Inflation means a sustained increase in the general price level. The main two types of inflation are
- Demand-pull inflation – this occurs when the economy grows quickly and starts to ‘overheat’ – Aggregate demand (AD) will be increasing faster than aggregate supply (LRAS).
- Cost-push inflation – this occurs when there is a rise in the price of raw materials, higher taxes, e.t.c
We can also categorise inflation by how fast the price increases are, such as:
- Disinflation – a falling rate of inflation
- Creeping inflation – low, but consistently creeping up.
- Walking/moderate inflation – (2-10%)
- Running inflation (10-20%)
Types include of inflation include
1. Demand-pull inflation
This occurs when AD increases at a faster rate than AS. Demand-pull inflation will typically occur when the economy is growing faster than the long-run trend rate of growth. If demand exceeds supply, firms will respond by pushing up prices.
A simple diagram showing demand-pull inflation
The UK experienced demand-pull inflation during the Lawson boom of the late 1980s. Fuelled by rising house prices, high consumer confidence and tax cuts, the economy was growing by 5% a year, but this caused supply bottlenecks and firms responded by putting up prices. Therefore the inflation rate crept up.
This graph shows inflation and economic growth in the UK during the 1980s. High growth in 1987, 1988 of 4-5% caused an increase in the inflation rate. It was only when the economy went into recession in 1990 and 1991, that we saw a fall in the inflation rate. See: Demand-pull inflation.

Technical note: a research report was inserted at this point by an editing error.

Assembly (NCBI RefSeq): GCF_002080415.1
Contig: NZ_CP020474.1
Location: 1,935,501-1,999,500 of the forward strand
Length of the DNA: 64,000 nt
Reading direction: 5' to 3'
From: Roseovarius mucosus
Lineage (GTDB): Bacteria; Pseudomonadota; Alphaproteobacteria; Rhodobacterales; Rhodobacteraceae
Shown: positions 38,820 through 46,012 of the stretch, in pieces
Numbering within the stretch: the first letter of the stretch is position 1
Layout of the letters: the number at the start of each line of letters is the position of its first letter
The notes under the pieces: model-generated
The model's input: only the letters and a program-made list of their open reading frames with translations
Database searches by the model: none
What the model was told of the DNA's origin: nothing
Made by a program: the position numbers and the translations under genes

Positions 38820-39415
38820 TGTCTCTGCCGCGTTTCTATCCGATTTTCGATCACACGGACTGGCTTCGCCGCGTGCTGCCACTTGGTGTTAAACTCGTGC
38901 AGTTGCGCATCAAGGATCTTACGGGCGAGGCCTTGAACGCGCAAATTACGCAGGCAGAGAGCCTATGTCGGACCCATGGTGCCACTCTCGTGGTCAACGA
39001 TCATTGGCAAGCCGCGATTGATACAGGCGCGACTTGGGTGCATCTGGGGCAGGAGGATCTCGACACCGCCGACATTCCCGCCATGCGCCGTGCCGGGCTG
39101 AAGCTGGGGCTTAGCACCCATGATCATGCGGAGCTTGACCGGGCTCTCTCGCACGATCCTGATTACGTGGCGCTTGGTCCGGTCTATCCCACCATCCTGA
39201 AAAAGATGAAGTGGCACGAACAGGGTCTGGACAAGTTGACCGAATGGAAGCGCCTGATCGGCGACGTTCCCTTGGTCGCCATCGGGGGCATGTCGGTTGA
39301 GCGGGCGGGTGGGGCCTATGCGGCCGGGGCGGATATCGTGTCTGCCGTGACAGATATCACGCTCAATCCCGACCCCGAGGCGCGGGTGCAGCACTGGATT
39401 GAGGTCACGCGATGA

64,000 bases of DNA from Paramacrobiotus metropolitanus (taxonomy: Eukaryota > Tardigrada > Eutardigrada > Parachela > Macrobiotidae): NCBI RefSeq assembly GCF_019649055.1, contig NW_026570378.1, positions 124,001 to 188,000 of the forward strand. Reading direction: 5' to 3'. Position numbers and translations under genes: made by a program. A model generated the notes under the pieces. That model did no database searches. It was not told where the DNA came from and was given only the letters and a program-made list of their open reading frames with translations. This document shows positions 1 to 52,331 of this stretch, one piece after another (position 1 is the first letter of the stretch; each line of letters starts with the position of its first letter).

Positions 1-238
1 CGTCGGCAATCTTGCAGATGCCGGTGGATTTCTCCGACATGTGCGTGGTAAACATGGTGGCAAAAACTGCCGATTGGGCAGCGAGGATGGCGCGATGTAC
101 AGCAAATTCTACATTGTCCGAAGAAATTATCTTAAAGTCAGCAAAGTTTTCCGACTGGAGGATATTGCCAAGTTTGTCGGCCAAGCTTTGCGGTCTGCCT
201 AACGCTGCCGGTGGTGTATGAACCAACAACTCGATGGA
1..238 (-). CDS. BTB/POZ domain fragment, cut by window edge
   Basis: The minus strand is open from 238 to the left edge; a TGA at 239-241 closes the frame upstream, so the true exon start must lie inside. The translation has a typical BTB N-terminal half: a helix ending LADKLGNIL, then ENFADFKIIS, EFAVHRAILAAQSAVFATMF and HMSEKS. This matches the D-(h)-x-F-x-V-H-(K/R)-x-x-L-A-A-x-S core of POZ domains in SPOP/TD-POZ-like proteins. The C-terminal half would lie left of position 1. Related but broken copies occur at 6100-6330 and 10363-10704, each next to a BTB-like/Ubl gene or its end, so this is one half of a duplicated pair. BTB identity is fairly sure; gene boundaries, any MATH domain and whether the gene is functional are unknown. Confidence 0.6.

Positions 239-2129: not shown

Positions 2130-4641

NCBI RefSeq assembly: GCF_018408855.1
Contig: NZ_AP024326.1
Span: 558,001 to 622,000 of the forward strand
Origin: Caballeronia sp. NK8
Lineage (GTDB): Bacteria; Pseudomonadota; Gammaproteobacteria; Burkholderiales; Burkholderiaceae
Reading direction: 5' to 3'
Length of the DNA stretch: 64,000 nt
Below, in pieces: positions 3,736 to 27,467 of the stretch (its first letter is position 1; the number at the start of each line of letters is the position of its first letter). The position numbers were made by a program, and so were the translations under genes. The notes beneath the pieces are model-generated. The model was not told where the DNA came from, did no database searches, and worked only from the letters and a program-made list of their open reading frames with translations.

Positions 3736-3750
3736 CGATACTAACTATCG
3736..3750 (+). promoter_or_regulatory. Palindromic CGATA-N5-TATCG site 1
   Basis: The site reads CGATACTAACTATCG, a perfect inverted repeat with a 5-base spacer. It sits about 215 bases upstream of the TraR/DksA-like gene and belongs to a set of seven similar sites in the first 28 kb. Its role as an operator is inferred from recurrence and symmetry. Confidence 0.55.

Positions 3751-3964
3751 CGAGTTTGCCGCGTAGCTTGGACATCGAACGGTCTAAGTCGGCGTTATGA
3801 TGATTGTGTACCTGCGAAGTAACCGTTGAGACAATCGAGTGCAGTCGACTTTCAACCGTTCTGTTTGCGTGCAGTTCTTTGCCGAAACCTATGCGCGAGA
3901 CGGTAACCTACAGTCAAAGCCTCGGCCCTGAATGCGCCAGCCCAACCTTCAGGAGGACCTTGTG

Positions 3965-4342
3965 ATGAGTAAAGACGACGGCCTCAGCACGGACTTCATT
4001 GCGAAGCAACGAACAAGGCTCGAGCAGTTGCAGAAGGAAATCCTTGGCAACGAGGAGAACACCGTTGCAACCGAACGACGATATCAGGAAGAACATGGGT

2. Cost-push inflation
This occurs when there is an increase in the cost of production for firms causing aggregate supply to shift to the left. Cost-push inflation could be caused by rising energy and commodity prices. See also: Cost-Push Inflation
Example of cost-push inflation in the UK
In early 2008, the UK economy entered a deep recession (GDP fell 6%). However, at the same time, we experienced a rise in inflation. This inflation was definitely not due to demand-side factors; it was due to cost push factors, such as rising oil prices, rising taxes and rising import prices (as a result of depreciation in the Pound) By 2013, cost-push factors had mostly disappeared and inflation had fallen back to its target of 2%. After the June 2016 Brexit referendum, Sterling fell another 13% causing another period of cost-push inflation in 2017.
Sometimes cost-push inflation is known as the ‘wrong type of inflation‘ because this inflation is associated with falling living standards. It is hard for the Central Bank to deal with cost push inflation because they face both inflation and falling output.